"That's a great deal to make one word mean," Alice said in a thoughtful tone. "When I make a word do a lot of work like that," said Humpty Dumpty, "I always pay it extra."
Monday, 31 October 2011
Gone for a burton
In informal British English, something or someone who has gone for a Burton is missing, permanently broken, ruined or destroyed.
The original sense was to meet one’s death, a slang term in the RAF in World War Two for pilots who were killed in action. Its first recorded appearance in print was in the New Statesman on 30 August 1941.
It's exact origin is obscure and many different versions have been put forward. The most favoured is that it was a way of avoiding referring to someone having been killed by suggesting they had only slipped out for a Beer. Burton's being one of the biggest Breweries at that time and Burton-on-Trent being the home of a number of other breweries. In addition, someone who downed their plane in the water was 'in the drink'. (There is also a hint of rhyming slang in there - Burton-on-Trent - went.)
Allegedly there was a series of advertisements for beer in the inter-war years which featured a group of people with one obviously missing, such as a football team of ten players. The tagline suggested the missing person had just popped out for a beer. The slogan was then taken up by RAF pilots for one of their number missing in action as a typical example of wartime sick humour. Whether these adverts ever existed is questionable.
It was quite a common expression in 'my day’ but perhaps it has fallen into disuse becauwe my daughter didn't recognise it when I used it recently. It’s a sad sign when expressions one is still using become ‘archaic’!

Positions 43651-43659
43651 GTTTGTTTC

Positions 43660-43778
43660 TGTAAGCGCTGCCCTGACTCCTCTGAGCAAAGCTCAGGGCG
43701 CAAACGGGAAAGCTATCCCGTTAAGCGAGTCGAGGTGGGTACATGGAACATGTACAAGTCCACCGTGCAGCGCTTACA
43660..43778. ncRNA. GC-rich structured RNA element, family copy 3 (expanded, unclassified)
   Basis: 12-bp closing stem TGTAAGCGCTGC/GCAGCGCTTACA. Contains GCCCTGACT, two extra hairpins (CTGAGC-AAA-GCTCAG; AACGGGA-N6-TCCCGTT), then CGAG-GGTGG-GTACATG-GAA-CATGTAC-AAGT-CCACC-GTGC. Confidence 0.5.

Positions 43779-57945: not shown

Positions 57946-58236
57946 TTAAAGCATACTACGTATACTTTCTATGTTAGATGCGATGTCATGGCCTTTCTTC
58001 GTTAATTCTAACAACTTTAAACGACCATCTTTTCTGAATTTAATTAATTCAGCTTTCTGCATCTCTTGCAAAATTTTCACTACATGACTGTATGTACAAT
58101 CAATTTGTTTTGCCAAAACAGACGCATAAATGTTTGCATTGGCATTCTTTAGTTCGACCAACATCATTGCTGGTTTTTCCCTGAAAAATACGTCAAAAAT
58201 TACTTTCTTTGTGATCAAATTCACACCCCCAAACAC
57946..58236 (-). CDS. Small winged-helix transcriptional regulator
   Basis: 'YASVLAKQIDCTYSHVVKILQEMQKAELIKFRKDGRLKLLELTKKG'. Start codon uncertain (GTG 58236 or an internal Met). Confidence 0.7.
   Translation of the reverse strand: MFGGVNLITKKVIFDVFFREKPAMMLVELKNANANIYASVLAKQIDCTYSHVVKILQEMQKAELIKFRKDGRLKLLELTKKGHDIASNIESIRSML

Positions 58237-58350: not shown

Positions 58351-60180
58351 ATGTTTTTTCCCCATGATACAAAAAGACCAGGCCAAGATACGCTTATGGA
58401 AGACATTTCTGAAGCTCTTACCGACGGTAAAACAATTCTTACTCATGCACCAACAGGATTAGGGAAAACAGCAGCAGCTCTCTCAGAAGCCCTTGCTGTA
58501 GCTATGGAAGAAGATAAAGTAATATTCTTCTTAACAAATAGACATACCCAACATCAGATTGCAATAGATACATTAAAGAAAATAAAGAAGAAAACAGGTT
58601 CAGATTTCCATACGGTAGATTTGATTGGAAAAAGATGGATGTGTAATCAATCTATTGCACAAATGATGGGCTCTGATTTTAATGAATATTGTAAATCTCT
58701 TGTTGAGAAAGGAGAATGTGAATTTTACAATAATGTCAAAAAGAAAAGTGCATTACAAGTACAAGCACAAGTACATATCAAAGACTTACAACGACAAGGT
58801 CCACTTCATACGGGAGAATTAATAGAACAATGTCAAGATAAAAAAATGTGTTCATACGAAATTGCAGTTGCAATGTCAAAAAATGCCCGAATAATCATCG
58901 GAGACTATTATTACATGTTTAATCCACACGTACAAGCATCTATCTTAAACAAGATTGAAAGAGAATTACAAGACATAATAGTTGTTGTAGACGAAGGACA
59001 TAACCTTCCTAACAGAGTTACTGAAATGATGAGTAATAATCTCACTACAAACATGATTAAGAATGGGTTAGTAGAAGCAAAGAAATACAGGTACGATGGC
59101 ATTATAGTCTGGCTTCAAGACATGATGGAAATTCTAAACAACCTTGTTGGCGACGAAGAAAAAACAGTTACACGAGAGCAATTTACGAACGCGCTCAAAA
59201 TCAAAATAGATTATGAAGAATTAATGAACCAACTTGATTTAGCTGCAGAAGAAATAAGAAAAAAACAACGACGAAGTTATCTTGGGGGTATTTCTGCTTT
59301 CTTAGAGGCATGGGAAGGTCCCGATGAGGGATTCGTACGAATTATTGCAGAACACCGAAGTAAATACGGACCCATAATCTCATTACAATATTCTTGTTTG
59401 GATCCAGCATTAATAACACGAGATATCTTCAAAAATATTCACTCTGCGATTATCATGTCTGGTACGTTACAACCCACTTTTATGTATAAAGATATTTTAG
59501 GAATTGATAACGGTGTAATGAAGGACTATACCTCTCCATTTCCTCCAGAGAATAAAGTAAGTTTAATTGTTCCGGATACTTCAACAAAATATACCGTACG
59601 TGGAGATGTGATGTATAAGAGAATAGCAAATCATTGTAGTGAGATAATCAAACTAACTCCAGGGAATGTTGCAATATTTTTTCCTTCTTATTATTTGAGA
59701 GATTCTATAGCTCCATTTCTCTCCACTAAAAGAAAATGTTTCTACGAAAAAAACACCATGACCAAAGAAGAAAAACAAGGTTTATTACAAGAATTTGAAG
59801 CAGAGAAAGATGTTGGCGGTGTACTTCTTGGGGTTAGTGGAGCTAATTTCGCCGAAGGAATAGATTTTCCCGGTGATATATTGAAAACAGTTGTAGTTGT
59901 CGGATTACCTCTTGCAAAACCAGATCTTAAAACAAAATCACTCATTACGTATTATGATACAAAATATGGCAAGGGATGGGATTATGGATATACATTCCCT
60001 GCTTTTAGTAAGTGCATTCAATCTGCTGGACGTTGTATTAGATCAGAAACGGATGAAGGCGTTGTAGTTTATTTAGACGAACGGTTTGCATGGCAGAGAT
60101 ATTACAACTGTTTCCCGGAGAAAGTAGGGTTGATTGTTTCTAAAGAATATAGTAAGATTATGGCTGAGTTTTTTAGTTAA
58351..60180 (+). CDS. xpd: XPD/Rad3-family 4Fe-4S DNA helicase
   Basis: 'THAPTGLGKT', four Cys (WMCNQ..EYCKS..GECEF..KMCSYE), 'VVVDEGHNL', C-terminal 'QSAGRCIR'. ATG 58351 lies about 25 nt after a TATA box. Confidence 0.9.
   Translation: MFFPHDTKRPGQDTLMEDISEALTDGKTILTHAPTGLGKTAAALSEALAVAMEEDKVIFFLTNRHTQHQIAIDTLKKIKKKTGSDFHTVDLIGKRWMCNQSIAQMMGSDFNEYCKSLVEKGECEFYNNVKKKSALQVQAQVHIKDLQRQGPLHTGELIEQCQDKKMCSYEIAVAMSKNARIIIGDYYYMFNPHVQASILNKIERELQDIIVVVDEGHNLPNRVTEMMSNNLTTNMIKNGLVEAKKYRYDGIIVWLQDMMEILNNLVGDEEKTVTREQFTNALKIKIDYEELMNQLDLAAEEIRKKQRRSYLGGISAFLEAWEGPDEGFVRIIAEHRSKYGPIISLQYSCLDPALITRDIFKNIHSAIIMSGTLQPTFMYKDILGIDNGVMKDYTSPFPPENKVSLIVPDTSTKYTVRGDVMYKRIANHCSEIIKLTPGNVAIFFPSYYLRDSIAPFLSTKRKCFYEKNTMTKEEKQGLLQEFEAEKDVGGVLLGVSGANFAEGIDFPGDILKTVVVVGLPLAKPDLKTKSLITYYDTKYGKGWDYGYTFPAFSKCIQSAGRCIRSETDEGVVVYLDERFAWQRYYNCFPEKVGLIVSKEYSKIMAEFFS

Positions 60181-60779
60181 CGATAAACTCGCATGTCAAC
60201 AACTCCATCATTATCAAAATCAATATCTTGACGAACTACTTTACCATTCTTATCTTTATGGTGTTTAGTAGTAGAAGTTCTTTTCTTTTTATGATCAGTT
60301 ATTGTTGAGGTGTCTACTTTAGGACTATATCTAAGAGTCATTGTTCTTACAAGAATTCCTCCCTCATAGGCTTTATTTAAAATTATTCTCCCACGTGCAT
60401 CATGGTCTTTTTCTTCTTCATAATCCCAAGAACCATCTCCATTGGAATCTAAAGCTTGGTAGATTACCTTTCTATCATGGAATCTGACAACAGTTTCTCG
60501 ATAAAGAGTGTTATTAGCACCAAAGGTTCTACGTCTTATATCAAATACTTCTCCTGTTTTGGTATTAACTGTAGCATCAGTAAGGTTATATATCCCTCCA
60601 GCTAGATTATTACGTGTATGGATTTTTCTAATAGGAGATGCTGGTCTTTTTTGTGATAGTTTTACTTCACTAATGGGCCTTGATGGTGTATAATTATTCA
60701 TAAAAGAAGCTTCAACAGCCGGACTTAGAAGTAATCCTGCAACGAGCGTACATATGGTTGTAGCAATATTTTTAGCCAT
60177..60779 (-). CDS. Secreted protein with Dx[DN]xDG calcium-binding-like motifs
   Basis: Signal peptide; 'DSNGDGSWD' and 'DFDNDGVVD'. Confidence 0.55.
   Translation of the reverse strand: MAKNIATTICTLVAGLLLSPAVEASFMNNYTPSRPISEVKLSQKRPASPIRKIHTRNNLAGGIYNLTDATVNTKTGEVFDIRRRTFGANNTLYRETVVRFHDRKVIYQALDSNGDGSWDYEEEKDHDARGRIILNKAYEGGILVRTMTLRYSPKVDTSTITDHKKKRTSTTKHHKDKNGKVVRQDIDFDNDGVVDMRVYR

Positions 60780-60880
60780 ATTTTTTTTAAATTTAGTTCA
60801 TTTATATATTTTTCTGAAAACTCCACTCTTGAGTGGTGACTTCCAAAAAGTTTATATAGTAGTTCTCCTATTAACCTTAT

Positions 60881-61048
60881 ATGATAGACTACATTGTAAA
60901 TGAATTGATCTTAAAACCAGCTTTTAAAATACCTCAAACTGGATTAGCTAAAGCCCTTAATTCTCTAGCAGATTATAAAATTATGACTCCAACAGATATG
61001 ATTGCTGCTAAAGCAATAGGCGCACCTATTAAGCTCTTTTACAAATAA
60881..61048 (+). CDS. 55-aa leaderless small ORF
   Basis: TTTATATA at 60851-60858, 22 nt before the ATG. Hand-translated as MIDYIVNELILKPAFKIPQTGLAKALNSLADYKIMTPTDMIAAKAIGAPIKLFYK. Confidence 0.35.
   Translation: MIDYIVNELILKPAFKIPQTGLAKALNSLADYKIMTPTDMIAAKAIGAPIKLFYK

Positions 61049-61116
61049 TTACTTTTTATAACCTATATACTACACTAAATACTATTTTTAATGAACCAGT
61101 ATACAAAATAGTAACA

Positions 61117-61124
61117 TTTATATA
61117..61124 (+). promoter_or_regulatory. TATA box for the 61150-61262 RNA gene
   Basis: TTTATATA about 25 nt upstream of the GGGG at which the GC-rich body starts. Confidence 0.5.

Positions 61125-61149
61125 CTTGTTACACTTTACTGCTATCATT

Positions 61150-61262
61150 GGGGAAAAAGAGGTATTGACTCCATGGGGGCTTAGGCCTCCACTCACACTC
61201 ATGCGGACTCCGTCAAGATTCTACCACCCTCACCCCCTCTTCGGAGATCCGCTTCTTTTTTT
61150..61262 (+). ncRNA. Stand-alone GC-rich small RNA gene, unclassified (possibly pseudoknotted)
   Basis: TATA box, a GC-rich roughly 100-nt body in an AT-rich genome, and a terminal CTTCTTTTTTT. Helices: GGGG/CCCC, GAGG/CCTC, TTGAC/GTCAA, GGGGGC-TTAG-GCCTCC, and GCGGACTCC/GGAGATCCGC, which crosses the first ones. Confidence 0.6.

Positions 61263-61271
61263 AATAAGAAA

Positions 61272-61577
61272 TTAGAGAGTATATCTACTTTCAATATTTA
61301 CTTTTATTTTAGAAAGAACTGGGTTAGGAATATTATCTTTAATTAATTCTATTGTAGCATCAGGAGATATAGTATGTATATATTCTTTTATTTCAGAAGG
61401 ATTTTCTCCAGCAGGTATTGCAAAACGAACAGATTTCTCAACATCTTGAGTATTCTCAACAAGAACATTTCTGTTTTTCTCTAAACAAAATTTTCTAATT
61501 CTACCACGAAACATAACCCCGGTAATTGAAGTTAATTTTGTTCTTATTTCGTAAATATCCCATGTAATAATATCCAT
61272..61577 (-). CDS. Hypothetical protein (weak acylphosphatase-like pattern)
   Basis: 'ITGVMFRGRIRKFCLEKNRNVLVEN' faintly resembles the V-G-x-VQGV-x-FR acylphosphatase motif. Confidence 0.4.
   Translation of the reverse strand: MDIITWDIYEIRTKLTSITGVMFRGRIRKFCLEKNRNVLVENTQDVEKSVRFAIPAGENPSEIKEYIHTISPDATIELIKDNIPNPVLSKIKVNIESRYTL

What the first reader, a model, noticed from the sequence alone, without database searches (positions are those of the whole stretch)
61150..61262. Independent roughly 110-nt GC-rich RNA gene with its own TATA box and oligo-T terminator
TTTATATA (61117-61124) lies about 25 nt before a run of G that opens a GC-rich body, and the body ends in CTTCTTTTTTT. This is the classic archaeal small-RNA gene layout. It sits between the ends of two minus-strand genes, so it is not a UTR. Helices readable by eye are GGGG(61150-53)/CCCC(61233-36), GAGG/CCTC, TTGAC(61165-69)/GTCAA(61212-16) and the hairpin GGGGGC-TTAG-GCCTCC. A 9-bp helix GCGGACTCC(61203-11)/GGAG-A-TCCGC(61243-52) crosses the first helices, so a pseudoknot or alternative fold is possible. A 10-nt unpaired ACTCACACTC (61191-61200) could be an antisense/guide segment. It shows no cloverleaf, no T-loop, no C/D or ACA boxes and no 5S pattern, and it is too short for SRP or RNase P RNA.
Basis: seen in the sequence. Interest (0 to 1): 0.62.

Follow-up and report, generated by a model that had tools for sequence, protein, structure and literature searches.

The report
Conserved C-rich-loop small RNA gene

My daughter Helen commented in November 2008 in her Blog that she was now keeping a notebook of new words that she came across during her reading. "This week I bought a lovely little leather bound book to write new words in as I read them . I've added a few from "1984", but my favourite has to be persiflage (from the French persifler) which means banter." I later discovered that my older daughter, Bryony, also kept a similar notebook.
This inspired me to create a Word blog. This will include both new words, favourite words and the origins of phrases that we commonly use. A definition and some comment, perhaps even a relevant quotation, will acompany the word or phrase.
“I am a Bear of Very Little Brain, and long words bother me.” - Winnie the Pooh
Thanks for stopping by! Would you like a cup of tea or coffee? And please, sit for a spell. If you enjoy my posts, please feel free to follow me or subscribe to my blog. This is a word verification free, family friendly blog, so everything I share here is for all ages. I am a happily married man in my late sixties who lives on the Wirral peninsula, near Liverpool, in the UK.
I'm a blogger - and nowadays that seems to be my main occupation. Rambles from My Chair is my main blog. I’m a retired local government executive - now studying how to survive a neurological disorder that gives me various problems but, hopefully, a whole new outlook on life and an increased sense of humour and perspective. There is a saying in Sweden "man måste vara frisk för att orka vara sjuk" ~ "you have to be well to cope with being ill"....
I enjoy most forms of communication and postcards are a special favourite. I used to blog as Scriptor Senex which is Latin for Old Writer but now Google only lets me post as John Edwards.
“He’s not so old. He’s just the age that he is, that’s all.” (Gerald Hammond)